Stockholm is a relatively compact city – most sections
of town can be reached in a brisk, half-hour’s walk. For longer distances,
Stockholm’s subway system is referred to as the “longest art gallery in the
world,” as its nearly 100 stations are each vibrantly decorated. The city
wasn’t bombed during World War II, so many centuries-old architecture is
There are also more museums in Stockholm per capita,
than anywhere in the world: history museums, art, food, music, and botanical
museums. The Vasa museum is built around a resurrected 16th century battle
ship. There is a Pippi Longstocking theme park (based on Astrid Lindgren’s
fictional wild child) and Skansen, where you can go see how Swedes lived in
times past. This cultural diversification is best explained by the fact
that Swedes love to form small groups around something – wine, sewing, the
hunt – they find amusing.
Stockholm is built on 14 islands that lie at the
intersection of Lake Malaren and the Baltic Sea. On the Baltic Side, a vast
archipelago is arrayed where the wealthy have summer homes and enjoy sailing
expeditions. In a city of 850,000 people, it’s estimated that there are an
astonishing 200,000 pleasure boats. Such a passion for sea-faring is
doubtless a holdover from when Sweden was a nautical power. Swedish Vikings
plundered Russia from 850 to 1100, and Finland belonged to Sweden for nearly
500 years mostly because it was easy sail away.
Stockholm, however, wasn’t always the capitol of
Sweden. This honor belongs to another town, Sigtuna, which was sacked in
1168 by raiders from nearby Estonia. Terrified citizens secreted what
little silver they’d managed to hide into a hollow log, which they floated
down river with plans to relocate wherever the wood came ashore.
Eventually, this spot was dubbed Stockholm, or “log island.”
As the settlement grew beyond Gamla Stan, the “old
town,” other islands were named for their relation to it. To the south is
Sodermalm, or “southern suburb,” which has a bohemian air of funky shops,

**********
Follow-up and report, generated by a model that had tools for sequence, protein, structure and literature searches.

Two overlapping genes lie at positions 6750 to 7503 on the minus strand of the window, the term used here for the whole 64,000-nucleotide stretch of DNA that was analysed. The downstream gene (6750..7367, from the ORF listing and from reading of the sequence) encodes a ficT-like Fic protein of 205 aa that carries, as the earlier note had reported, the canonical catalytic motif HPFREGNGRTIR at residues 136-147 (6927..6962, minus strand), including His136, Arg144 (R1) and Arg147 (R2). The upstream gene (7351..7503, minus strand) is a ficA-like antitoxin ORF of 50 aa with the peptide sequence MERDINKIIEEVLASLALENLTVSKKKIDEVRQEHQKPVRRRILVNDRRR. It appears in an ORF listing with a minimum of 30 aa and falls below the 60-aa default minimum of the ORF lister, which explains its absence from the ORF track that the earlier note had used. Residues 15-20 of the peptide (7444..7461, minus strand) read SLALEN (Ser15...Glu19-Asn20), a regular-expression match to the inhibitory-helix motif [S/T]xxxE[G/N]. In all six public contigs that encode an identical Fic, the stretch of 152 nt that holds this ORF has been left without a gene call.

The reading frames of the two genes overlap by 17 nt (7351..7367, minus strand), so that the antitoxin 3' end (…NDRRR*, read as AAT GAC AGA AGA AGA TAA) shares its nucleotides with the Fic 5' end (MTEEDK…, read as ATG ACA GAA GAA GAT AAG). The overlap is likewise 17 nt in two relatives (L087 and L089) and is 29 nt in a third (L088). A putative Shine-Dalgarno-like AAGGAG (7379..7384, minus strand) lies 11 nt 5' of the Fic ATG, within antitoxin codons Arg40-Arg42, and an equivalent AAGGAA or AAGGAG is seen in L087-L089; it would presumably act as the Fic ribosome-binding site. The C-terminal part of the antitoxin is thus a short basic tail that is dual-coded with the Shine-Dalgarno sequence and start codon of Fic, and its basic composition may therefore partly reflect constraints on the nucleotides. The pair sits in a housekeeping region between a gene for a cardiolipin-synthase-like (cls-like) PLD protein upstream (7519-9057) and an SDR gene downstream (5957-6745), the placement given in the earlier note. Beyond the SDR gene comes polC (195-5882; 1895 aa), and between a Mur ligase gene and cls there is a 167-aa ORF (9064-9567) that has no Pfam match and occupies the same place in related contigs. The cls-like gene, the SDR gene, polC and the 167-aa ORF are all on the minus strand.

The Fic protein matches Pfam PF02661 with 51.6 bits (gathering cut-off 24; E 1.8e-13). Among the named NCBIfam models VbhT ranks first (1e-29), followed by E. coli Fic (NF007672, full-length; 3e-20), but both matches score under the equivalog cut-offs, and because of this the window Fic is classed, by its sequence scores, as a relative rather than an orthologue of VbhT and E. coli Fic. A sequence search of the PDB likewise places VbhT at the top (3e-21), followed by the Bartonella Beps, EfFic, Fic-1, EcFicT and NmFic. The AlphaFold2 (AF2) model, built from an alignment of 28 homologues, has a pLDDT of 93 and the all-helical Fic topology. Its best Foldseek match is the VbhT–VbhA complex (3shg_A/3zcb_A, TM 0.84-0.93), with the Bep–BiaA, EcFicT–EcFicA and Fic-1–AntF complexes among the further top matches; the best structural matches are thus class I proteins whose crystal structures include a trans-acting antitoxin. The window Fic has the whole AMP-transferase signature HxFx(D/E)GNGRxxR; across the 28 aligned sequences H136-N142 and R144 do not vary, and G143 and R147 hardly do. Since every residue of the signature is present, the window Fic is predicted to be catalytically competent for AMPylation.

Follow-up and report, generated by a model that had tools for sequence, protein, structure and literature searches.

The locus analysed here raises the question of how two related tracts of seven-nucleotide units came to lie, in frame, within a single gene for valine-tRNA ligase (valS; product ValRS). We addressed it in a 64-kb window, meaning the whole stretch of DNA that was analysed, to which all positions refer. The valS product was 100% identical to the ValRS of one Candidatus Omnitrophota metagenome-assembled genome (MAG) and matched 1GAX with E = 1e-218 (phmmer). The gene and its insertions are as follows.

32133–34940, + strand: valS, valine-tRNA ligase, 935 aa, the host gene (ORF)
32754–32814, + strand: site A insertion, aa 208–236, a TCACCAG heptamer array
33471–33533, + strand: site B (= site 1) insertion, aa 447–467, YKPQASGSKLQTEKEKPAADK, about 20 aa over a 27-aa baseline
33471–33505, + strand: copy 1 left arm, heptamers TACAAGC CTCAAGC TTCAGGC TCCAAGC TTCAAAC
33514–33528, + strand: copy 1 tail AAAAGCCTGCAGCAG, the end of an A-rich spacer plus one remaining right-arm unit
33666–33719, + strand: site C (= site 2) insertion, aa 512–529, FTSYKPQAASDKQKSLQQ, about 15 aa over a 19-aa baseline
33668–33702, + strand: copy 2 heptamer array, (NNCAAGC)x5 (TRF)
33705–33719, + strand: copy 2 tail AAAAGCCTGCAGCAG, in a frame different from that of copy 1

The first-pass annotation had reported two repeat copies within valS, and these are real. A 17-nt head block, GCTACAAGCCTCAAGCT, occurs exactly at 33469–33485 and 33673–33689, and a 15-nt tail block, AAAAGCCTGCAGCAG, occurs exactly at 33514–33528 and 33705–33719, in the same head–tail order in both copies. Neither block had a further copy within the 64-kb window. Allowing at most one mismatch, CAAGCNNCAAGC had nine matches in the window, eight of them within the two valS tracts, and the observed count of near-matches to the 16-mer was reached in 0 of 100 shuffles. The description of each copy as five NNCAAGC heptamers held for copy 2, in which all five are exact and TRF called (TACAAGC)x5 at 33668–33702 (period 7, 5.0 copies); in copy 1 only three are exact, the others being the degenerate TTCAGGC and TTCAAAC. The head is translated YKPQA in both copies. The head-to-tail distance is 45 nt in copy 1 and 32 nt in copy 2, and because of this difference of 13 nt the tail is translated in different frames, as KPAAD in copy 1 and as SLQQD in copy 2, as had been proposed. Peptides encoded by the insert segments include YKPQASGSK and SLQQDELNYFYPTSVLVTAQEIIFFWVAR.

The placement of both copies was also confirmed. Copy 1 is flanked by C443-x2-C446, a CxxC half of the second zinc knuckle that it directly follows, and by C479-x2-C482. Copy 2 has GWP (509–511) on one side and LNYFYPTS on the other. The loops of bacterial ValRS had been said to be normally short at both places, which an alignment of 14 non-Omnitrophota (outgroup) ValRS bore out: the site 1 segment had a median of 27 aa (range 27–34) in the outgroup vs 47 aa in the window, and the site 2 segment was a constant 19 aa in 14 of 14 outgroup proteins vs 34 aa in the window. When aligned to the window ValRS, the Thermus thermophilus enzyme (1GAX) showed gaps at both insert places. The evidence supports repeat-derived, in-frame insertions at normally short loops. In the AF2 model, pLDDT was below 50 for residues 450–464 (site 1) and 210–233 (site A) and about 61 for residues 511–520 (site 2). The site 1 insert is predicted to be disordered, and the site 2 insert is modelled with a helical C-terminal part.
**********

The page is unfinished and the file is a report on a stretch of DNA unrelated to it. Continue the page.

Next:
bars and restaurants (the Rival Hotel is located here.) Norrmalm, or the
“northern suburb,” directly above Gamla Stan is Stockholm’s main business
and shopping center. Don’t miss this area’s Kulterhuset, a vast arts
complex, which includes, among other curious delights, a comic book library.
Gamla Stan’s highest point, Stortorget, is a collection
of 16th and 17th century houses surrounding a main square which was once was
a combination grocery store, job center and gossip grapevine. This square
is now home to the Alfred Nobel Museum, where a track system runs across the
ceiling, carrying by photographs and brief descriptions of all the laureates
honored over the last century. So quiet and dignified is this space, one
almost forgets that dynamite was the source of Alfred Nobel’s fortune.
I pondered this guns-into-butter irony while eating
lunch nearby. My appetizer was three types of herring – pickled, in
mustard, and with crème fraiche and dill -- then (what else?) Kottbullar, or
Swedish meatballs. They were just as rubbery and flavorless as the ones my
Mother used to make, a realization that made me somehow proud. Dessert was
the real prize – small cylinders of yellow cake iced with chocolate and
vanilla marzipan. Called damm sugare, or “dust suckers,” they’re shaped
like tiny Electrolux vacuum cleaners, yet another Swedish design.
Walking on Glass
Several days later, I flew further south to the
Smalands, an area in Sweden known as the “Kingdom of Crystal.” I’d been
fascinated by Stockholm’s many displays of art glass, and was anxious to
tour factories where glass is still blown and shaped by hand.
Driving through the dense forests here, I had a strong
blast of deja-vu, and wasn’t sure why. The fir trees rise tall and
perfectly straight, their trunks bare of branches, but bursting into a plume
of green at the top. There is a profusion of lakes, wooded right up to
their shores. Every few miles, I’d pass an identical farm house, always
painted red with white trim, a thin wisp of smoke rising from the stone
chimney. Everything was neat as a pin. It looked like an Electrolux had
been rolled over these front yards.
Suddenly, I knew what this territory looked like:
Minnesota! This seemed wonderfully odd, as it was from this part of Sweden
that nearly 25% of the local population emigrated to America in the late
19th century – many of whom settled in what would later become
Minneapolis. If this phenomenon intrigues you, by all means read Vilhelm
Moberg’s novel of 1949, The Emigrants, a harrowing tale of the poor farmer
Karl Oscar and his long-suffering wife Kristina. So beloved is this
narrative by Swedish-Americans, a statue of this fictional couple stands in
What saved Smalands from utter devastation was glass
making, which began here in 1742 when a factory named KostaBoda opened its
doors. The first glass was crude “bull’s eye” windows (so-called because of
their bump at the center) and medicine bottles. As industrialization
developed, the affluence of Sweden’s middle classes increased, as did demand
Made of sand and potash, glass is believed to have been
discovered nearly 6,000 years ago by Egyptian or Mesopotamian potters.
Molten glass glows a hot orange, and is scooped out of its vat, blown like a
bubble, then manipulated with wooden forms and, nowadays, wet newspaper. It
takes seven people to make one wine glass. Their choreographed movements
are all the more remarkable, because while passing around sticky fire, most
wear shorts and sandals.